Sometimes I just have to laugh. This was one of those times.

Wednesday, March 21, 2012

A Baby Turns One!

The sweetest little girl turned one today. It's so cliche but it really feels like she was born just yesterday. This little love bug has showered us with so much joy over the last 12 months. There is just something about this baby. In fact, if you're reading this and you've had the pleasure of meeting her I'm pretty sure you've fallen in love. She is beyond words. We love you sweet Claire Elise. You added a spark to this bunch of Barron's that I didn't even realize was missing.


Tuesday, March 20, 2012

What Goes On When The T.V. Doesn't

My parents rationed my television consumption when I was a child. I was allowed tiny bites. Very occasionally. I remember sitting all together on Thursday evenings and watching, The Cosby Show. Sesame Street was allowed on an occasional afternoon but it was quickly changed to Little House on the Prairie as soon as my older sisters dusty shoes crossed the threshold on their return from school. I don't remember ever watching Saturday morning cartoons. I don't remember missing it either.

I spent my childhood reading, listening to stories on record (yes, record) and playing outside. Hour upon hour was spent building forts (with running water and rather large fires), climbing trees with branches that hung precariously over the Sacramento River, riding bikes on the levee, playing on the tin roof of one of the many sheds near our house, and pretending to be Indians by hanging tobacco (green leaves of some sort) and animal skin (grapefruit peels) out to dry. I loved every moment growing up television deprived on acres of land. Don't get me wrong. On the occasional evening when my parents would go on a date and leave my oldest sister in charge we spent most of the night with our eyes glued to the television. We also made sure to turn it off at least 30 minutes before their expected return because the moment my mom got home she was sure to touch the back of the television set to see it if was hot from overuse. True story.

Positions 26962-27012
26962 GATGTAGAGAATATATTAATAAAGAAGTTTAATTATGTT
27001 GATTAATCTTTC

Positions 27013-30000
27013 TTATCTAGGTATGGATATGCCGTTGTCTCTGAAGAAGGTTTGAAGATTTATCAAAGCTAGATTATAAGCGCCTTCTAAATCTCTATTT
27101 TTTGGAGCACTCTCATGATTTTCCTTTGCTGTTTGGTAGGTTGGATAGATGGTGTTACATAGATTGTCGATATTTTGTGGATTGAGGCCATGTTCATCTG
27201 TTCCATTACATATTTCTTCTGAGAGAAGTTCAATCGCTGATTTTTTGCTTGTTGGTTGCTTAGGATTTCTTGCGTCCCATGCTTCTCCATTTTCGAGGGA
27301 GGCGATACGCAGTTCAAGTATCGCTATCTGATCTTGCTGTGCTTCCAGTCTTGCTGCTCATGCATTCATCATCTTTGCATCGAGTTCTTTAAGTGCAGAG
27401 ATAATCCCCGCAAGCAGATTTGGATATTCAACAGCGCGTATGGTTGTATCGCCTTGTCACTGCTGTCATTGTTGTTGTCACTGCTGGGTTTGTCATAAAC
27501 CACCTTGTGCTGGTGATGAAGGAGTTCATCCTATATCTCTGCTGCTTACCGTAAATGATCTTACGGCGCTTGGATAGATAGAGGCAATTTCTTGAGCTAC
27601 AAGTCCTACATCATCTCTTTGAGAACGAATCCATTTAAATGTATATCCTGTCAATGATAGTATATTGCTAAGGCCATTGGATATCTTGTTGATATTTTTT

Fast forward 30 some years and I have to admit that my children watch much more television than their mother or father did in their youth. When Matt was young his family had a TV and VCR just for watching family movies. In recent months, Matt and I have taken great strides to limit the amount of television our kids consume. We are not a "no T.V. allowed" household but we have moved toward being an "occasional show when the kids have earned them" household. This movement comes because we know the benefits of rationing television. The biggest in our house being more pleasant children who really enjoy each other and have imaginations that are through the roof!

Here's the proof ...

A display of some sort.
Ping pong.
Taking a monkey for a bike ride.
More war.

The gang. Eating a pizza.
Protecting the gang from a monster.

The monster. Eating the gang.


Bird watching.

Bird watching and photo taking.

Pondering the little things.

Trapping animals.
He didn't stand a chance.

Dog trap.
Poor fool.

The monster attacking the kitchen.

"Helping" with dinner.

I have no idea.

Really helping with dinner.

Monday, March 12, 2012

Child Labor Endorsed Here

For at least 6 months I've been on a quest for the perfect chore chart. I'm lacking in the brain cells department lately so I've been scouring websites for an idea I could steal. About a month ago I found the holy grail of chore charts. I love it! It is simple enough that both boys can understand what's expected. It allows me to keep some chores the same everyday (get dressed, make bed, brush teeth) and adapt chores for more "deep cleaning" on the weekends. Here it is folks ...

And here's the proof that it works ...


Once the chores are done the boys get to take the sticker from the envelope and put it in the right spot.

Now I have a habit of starting things with the kids, being energetic for a couple weeks and then losing steam. I consider this chore chart a success because it has lasted over a month in our house! An accomplishment indeed. The kids are pretty programed with their morning chores. A few days a week while I'm making dinner I give them some new afternoon chores. And one day each weekend they get some more difficult chores in the "$" envelope and they get reimbursed for their labor. I love this particular chore chart because it allows me to teach the kids that some chores we do just because that's part of being a family and some chores actually earn a monetary reward! Once they've earned a few dollars my goal is to move toward teaching some money management skills: saving, giving and spending! Get Ready boys. Momma is on a roll.